Republican congressmen held a hearing in Gastonia on Friday on the problems people in North Carolina are having with the Affordable Care Act. But it served as more of a political rally for people who oppose or support Obamacare.
Before the hearing started, a Congressional staff member said no disruptions would be allowed. Then a woman in the audience spoke up.
"Is this a taxpayer funded meeting?" she asked.
"Yes ma'am," the staffer said.
"Why do we not have the ability as taxpayers and these people's employers to comment or ask questions?" the woman asked next.
The staffer and the chair of the committee tried to explain it's a hearing, not a town hall. But the woman got a round of applause when she argued a taxpayer-funded hearing shouldn't be one-sided.
Then the hearing began, and it was one-sided.
"As someone with intimate knowledge of my industry and as an American, I have serious concerns about Obamacare," said Jason Falls, who's in the insurance business in Kings Mountain.
"There are two words that have been pervasive in everyone's concerns: uncertainty and trust, or lack thereof," said Tav Gauss from Wilson.
"And by the way, the name Affordable Health Care Act is just a lie by virtue of the title itself," said Sherry Overbey from Belmont. "It should be called the Unaffordable Health Care Act."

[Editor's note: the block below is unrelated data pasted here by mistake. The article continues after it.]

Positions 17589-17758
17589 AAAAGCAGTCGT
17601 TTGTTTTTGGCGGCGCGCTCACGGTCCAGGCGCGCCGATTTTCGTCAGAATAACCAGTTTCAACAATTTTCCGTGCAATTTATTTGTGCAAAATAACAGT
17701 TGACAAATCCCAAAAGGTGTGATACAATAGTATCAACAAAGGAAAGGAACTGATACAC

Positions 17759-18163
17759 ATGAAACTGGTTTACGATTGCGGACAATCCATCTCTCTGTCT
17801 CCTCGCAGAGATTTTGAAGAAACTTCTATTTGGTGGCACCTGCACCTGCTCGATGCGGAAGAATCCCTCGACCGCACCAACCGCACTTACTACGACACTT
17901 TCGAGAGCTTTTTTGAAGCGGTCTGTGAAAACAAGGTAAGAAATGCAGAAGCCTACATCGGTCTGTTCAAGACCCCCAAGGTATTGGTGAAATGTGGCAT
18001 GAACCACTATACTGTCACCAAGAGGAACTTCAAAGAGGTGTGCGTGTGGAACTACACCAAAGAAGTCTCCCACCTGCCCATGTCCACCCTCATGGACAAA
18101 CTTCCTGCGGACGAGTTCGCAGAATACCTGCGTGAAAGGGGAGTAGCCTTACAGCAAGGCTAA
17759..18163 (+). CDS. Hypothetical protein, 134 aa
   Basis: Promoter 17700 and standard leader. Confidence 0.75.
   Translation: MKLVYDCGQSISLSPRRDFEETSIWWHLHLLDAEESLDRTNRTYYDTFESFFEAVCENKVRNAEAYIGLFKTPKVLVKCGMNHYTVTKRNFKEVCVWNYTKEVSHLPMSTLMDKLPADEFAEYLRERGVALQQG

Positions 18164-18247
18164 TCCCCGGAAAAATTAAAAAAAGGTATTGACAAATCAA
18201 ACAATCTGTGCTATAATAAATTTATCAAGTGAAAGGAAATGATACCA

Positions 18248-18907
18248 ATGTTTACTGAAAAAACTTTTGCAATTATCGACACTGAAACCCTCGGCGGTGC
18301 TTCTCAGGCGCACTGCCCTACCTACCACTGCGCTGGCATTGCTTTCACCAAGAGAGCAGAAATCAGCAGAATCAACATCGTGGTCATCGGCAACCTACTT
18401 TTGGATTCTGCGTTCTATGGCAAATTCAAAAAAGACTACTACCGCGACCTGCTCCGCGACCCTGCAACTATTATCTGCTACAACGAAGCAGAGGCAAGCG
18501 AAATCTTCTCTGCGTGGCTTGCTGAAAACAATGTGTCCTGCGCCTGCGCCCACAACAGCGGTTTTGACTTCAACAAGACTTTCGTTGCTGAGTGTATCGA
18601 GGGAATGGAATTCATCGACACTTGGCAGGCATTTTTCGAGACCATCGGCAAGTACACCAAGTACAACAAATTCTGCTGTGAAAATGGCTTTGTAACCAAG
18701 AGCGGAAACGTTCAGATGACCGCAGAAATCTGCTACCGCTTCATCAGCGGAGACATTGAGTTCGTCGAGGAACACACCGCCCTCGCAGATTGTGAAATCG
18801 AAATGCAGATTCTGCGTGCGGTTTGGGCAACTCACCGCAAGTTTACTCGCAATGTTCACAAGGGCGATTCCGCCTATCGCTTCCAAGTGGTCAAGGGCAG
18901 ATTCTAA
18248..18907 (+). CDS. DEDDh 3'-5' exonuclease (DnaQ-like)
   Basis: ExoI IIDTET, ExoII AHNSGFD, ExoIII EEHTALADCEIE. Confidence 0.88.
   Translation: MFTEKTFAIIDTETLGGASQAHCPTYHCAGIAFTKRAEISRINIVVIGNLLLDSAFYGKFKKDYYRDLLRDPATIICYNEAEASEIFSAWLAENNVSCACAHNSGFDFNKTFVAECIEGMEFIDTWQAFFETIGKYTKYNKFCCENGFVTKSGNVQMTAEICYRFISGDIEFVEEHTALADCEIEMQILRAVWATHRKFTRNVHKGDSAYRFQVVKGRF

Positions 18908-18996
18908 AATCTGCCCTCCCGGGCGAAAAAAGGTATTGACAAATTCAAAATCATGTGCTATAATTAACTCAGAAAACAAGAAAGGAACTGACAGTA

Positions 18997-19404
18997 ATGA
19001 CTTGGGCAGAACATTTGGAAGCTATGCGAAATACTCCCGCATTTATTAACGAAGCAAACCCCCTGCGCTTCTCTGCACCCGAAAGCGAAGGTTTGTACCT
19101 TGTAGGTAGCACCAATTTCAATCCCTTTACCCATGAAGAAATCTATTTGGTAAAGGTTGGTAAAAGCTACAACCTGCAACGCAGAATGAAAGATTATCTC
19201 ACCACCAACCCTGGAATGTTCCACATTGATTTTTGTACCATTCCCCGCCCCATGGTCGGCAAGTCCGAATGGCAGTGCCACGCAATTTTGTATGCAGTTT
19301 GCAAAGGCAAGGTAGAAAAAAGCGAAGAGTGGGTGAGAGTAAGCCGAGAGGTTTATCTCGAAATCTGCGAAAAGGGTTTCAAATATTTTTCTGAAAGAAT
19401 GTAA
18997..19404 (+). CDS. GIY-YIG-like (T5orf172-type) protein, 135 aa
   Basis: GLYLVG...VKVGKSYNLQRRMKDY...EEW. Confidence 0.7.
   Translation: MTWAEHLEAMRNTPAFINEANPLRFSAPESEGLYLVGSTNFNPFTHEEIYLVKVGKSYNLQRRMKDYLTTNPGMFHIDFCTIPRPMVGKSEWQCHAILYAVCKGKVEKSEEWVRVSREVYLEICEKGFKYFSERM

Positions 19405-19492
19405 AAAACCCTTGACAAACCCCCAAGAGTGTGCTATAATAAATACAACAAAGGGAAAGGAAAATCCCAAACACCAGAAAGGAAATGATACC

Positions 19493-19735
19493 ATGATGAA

The two other witnesses were also against Obamacare. Here's Joel Long, CEO of a heating and air conditioning company in Gastonia:
"I believe that everything we're seeing from government from a regulatory standpoint, and this, the Affordable Care Act, is dampening our growth every day," he said.
The only members of Congress at the hearing were Republicans – Darrell Issa of California, and Patrick McHenry and Robert Pittenger of North Carolina. Issa said he regretted that no Democrats attended.
Here's an example of the kind of questions the Republicans asked:
"Your prior insurance plan, did you have maternity coverage under that?" Patrick McHenry asked Overbey, a 58-year-old woman. She said no.
"And your new plan requires you to have this?" he asked next. She said yes.
"OK," McHenry said. "Is that somewhat absurd?"
Outside of the hearing, there was an equally partisan crowd for Obamacare.
"Witness denied!" protesters chanted. Several of them asked earlier this week to testify during the hearing but were told no. Dana Wilson from Charlotte was one of them.
"I have had MS since 1996," she said. "I'm 40 years old now. I was 22 then. I need Obamacare. It would help me and countless others."
Wilson said insurance companies have denied her coverage because they call multiple sclerosis a preexisting condition. Starting next year, Obamacare prevents them from doing that.
Congressmen McHenry and Pittenger said they'll talk to people having good experiences, too. But they argued the hearing was representative of what they've heard from their constituents.